Like many Tam High students who live on the streets above the high school, Tomas Ludin often walks there via a network of paths that cut down the hillside. The final portion of the shortcut, which includes narrow wooden stairs that stretch between Morning Sun Avenue and Homestead Boulevard, ends directly across the street from the school’s Mead Theater entrance.

But in recent years, this particular path had become increasingly difficult to navigate. It was overgrown with poison oak, blackberry vines and other vegetation. Heavy rains during the last couple of winters had eroded dirt around and under the stairs and created dangerous potholes. Some of the stairs had rotted and fallen apart. The path was also strewn with litter.

A member of local Boy Scout Troop 24, Ludin decided to focus on restoring the path for his Eagle Project, a requirement for advanced Scouts. He worked closely with members of the Almonte District Improvement Club (ADIC), the official beneficiary of the project.

“Since our main focus for the year is opening and clearing the paths and trails which are documented in county maps but which have been neglected, fenced over, and illegally claimed by some residents--and which could be our only means of getting down the hills in a disaster--we were delighted to accept this project,” said Linda Rames, ADIC president.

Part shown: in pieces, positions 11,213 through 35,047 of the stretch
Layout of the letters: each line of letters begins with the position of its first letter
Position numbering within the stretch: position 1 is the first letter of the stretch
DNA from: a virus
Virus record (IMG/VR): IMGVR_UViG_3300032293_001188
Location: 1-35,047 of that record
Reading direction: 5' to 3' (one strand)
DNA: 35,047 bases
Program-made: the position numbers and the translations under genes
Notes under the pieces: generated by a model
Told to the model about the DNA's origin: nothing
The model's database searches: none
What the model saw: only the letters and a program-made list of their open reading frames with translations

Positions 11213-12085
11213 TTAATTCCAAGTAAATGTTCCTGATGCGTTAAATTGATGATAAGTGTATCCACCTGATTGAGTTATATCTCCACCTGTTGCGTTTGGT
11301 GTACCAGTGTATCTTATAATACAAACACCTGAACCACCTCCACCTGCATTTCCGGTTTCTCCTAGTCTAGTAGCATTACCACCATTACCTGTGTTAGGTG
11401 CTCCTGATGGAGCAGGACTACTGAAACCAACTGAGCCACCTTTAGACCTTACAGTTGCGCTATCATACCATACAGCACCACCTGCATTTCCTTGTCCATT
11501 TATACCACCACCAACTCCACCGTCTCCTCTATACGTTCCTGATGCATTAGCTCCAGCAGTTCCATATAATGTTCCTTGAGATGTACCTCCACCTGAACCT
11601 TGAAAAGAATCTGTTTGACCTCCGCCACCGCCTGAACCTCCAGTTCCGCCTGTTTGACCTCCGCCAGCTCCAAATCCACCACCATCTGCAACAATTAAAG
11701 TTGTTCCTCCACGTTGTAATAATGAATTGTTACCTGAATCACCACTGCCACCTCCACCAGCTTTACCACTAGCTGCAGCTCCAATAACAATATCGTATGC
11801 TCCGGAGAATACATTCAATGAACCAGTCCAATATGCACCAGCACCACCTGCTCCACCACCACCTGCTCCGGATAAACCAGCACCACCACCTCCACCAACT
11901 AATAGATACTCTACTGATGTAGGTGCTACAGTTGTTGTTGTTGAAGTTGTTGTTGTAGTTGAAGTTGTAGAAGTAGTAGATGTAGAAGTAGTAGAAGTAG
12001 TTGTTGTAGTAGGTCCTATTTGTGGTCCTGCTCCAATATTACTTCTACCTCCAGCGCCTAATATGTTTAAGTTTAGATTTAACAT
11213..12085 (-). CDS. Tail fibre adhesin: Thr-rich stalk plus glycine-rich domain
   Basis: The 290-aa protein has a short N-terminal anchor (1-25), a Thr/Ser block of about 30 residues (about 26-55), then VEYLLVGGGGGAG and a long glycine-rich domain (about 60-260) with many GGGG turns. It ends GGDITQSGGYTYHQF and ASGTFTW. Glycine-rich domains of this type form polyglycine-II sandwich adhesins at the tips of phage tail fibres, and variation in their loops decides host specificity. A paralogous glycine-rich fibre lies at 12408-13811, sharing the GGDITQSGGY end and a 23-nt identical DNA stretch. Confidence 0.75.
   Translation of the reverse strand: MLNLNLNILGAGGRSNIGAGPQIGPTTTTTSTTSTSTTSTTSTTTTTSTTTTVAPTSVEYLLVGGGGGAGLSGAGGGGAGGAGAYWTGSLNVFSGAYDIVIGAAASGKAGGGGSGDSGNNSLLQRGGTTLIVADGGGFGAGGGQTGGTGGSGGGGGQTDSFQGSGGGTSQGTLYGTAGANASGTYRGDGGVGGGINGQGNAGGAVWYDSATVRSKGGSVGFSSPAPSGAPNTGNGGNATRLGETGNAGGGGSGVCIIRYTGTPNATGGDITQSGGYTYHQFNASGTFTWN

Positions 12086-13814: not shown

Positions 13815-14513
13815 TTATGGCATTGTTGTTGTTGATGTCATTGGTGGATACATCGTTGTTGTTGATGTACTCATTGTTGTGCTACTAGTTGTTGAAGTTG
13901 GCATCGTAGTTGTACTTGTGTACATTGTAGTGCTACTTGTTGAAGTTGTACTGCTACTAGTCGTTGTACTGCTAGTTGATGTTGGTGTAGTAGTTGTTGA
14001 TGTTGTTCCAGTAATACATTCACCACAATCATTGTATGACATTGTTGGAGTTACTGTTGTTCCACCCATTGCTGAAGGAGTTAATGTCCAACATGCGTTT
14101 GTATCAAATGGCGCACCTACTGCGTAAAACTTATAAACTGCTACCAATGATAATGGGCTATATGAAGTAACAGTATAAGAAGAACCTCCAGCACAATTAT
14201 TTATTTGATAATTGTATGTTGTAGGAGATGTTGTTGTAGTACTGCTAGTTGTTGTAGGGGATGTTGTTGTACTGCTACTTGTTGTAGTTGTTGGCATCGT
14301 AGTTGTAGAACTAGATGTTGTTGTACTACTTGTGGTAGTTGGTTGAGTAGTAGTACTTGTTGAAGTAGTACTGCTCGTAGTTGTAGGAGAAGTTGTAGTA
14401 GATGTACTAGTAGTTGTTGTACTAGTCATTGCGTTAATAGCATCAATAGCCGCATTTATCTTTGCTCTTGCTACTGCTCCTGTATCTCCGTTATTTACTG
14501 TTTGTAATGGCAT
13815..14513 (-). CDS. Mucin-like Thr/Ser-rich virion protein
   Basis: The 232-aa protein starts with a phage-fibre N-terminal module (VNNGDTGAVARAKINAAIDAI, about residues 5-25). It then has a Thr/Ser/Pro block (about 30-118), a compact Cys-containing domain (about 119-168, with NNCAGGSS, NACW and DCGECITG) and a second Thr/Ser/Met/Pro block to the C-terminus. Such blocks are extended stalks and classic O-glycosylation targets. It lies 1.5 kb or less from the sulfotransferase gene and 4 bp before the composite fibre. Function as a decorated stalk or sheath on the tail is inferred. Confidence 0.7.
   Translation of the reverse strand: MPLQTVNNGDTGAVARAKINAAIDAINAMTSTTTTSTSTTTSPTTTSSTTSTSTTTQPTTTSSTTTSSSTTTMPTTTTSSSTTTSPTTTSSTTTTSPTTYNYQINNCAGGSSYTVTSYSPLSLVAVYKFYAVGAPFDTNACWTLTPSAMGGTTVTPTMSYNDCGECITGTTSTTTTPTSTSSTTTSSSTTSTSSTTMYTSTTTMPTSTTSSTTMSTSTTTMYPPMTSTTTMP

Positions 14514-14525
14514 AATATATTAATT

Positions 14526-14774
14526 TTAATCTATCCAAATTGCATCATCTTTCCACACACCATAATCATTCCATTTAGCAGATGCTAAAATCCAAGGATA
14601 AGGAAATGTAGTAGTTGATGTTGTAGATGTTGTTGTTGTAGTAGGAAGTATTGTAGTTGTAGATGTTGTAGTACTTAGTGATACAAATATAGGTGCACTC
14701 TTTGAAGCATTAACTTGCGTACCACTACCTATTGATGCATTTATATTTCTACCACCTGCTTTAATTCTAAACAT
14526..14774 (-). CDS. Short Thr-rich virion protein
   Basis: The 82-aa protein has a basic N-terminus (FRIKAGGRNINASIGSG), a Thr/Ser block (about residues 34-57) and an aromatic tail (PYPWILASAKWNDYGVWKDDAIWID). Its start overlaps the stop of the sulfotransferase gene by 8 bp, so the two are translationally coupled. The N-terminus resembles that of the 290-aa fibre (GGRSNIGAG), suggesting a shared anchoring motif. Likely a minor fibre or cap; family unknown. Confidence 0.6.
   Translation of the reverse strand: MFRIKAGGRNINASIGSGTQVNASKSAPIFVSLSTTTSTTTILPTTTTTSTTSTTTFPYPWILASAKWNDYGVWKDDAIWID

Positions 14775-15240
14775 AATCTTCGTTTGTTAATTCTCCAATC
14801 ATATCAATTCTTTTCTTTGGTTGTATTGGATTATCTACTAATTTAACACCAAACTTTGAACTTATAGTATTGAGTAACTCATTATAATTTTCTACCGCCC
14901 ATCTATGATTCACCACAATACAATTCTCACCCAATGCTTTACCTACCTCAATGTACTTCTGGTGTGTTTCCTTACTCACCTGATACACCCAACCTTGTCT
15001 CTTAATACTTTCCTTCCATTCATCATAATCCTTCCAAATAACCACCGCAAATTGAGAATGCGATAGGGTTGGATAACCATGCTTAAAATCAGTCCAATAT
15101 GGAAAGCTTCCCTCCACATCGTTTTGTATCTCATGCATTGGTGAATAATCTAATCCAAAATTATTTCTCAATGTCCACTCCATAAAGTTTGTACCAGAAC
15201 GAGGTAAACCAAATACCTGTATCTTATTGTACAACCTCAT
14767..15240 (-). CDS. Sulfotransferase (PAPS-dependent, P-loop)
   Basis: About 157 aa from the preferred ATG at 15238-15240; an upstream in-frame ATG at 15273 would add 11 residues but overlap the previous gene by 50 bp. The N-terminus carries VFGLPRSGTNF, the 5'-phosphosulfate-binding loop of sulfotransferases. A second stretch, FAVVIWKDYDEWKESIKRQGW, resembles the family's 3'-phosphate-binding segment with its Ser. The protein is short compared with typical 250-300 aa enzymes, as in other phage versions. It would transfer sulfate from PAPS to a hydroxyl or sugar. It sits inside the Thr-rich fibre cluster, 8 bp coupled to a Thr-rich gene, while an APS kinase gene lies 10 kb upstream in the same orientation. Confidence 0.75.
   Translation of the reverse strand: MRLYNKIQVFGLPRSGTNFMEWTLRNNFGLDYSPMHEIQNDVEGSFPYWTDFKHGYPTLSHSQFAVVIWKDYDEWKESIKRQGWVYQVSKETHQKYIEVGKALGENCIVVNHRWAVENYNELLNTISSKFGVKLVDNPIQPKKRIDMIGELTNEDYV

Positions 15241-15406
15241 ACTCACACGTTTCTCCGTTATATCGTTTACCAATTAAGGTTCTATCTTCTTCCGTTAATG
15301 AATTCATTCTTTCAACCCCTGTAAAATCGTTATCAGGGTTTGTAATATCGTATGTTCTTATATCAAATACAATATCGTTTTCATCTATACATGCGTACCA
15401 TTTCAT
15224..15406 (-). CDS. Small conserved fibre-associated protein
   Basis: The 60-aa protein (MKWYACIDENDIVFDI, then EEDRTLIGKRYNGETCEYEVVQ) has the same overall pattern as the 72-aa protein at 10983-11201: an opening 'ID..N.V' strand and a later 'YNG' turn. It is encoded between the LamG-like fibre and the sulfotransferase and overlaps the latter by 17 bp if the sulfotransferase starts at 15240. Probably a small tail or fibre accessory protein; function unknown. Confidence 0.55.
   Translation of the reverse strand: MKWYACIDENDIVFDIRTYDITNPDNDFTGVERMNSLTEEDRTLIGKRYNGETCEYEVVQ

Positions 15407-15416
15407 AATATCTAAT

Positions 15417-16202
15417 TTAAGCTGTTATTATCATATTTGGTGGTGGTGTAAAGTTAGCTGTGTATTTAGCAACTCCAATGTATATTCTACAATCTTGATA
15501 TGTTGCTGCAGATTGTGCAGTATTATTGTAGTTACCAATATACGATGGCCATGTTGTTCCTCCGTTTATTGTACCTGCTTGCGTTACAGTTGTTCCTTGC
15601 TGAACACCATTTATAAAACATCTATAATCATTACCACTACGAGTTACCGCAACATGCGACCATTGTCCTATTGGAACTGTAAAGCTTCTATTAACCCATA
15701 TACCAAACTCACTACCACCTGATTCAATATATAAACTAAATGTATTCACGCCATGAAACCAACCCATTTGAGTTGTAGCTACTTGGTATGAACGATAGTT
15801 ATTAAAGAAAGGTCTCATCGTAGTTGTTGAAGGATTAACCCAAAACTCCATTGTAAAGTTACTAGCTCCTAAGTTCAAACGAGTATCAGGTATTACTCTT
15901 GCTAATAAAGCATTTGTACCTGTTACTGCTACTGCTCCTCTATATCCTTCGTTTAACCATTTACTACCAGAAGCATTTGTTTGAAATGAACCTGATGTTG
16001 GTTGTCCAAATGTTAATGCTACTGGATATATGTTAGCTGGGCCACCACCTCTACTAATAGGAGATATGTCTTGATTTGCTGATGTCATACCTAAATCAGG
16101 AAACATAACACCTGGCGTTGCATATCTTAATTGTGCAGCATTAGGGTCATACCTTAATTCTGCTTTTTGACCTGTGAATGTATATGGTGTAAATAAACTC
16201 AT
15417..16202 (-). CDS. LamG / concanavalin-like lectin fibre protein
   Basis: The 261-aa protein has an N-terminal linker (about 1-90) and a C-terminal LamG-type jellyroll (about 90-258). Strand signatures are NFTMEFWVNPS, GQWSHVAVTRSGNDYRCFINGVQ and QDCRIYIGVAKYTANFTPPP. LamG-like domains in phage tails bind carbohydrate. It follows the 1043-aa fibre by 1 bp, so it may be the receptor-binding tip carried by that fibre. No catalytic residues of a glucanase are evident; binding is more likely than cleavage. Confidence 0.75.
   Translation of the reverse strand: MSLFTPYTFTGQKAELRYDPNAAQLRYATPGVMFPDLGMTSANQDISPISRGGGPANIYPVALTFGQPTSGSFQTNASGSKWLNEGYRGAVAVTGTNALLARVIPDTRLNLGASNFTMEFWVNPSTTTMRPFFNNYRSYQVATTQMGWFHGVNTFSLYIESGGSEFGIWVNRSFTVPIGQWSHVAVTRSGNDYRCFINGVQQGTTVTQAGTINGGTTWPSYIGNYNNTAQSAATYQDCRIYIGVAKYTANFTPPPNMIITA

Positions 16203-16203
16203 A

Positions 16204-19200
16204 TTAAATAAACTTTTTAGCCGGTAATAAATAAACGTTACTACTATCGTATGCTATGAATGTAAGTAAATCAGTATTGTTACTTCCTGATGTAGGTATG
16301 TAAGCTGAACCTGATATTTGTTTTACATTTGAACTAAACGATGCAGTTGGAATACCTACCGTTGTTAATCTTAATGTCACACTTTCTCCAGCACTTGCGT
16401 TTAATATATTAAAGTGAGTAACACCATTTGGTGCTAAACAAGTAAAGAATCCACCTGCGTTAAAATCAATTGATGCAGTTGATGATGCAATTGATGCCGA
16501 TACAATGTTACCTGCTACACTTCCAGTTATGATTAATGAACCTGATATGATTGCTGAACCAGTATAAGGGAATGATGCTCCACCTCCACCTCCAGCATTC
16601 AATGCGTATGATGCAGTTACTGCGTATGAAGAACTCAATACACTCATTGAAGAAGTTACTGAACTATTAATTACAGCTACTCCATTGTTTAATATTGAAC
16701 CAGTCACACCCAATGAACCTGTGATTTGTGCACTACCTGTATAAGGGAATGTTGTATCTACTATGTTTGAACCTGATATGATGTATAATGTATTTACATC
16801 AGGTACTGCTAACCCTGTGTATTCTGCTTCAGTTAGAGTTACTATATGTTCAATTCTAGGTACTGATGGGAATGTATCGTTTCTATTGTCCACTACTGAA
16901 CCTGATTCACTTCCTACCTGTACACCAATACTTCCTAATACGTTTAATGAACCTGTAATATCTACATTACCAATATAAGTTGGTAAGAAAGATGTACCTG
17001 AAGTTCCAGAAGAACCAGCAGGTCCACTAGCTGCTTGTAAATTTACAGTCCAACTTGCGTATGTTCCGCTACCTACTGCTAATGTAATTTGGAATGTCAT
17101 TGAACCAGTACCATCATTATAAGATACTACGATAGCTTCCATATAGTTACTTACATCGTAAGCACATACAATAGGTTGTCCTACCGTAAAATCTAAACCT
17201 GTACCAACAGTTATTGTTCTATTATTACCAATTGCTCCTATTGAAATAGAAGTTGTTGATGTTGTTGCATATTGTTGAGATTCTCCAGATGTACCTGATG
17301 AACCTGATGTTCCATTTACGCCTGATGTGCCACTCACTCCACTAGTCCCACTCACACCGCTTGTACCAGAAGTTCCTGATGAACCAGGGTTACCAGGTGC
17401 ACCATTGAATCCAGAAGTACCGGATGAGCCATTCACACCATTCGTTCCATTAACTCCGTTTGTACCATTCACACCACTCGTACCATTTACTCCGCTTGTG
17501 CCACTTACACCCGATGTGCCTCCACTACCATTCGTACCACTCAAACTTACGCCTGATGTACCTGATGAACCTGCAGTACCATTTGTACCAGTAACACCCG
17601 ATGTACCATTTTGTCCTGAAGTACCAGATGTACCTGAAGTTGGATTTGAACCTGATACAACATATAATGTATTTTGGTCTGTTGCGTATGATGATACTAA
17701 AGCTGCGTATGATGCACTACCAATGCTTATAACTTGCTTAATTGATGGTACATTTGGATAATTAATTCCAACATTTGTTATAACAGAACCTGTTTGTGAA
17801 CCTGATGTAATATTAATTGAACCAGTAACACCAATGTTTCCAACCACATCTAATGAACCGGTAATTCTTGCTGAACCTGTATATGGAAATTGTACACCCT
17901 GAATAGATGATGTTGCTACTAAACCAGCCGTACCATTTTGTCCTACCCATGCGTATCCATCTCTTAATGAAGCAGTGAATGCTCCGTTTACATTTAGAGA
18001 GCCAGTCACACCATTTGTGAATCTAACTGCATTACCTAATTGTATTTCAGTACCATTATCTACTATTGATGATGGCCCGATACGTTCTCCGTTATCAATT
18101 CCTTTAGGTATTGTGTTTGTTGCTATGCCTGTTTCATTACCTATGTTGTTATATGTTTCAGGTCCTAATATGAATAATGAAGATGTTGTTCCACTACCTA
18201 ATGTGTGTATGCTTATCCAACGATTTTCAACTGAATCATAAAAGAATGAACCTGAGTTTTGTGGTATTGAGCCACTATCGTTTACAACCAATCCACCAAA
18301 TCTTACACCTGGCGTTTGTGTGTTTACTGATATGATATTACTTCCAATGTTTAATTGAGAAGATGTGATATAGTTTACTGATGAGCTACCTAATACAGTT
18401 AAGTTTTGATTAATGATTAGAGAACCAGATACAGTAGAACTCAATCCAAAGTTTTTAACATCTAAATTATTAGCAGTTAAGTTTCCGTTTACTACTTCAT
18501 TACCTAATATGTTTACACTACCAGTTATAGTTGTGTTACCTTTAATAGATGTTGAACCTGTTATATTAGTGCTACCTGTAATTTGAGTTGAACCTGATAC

Ludin spent months planning and preparing for the path restoration project. He attended ADIC meetings and spread the word about the project to neighbors, recruiting some to help. He also wrote letters to local businesses requesting donations. Goodman Building Supply, Martin Brothers Supply and Roccos’ Pizza came through with contributions, as did the ADIC.

“The hardest part of the project was keeping track of all of the people I was communicating with,” Ludin said.

On Saturday, May 20, he and 25 of his fellow Scouts and community volunteers descended on the path. Scott Barnes, Battalion Chief of Operations and Vegetation Management for the Mill Valley Fire Department, even stopped by to lend a hand.

“This is a great contribution to the residents of Mill Valley,” Barnes said.

Ludin and his team spent several hours cutting back branches, clearing out poison oak, and replacing and repairing steps. By the end of their work session, they’d collected a dumpster’s worth of green waste and several large bags of trash.

Students and other community members now have a safe, convenient way to get to the high school and surrounding area. The path is also fit to serve as an escape route for residents in the event of an emergency evacuation. Since completing the project, Ludin has received plenty of positive feedback from those who use the path.

“You don’t have to worry about getting mugged by ivy vines anymore,” said Jim O’Donnell, who often takes the path to work. “They did a terrific job of opening up the space around the stairs and making the trail safer.”

Ludin said he hopes that people will respect the improved path by keeping it litter free. And that the results of his project will motivate the community to improve other paths in the area.

Courtesy photo

Tomas Ludin and team begin work to improve popular hillside path.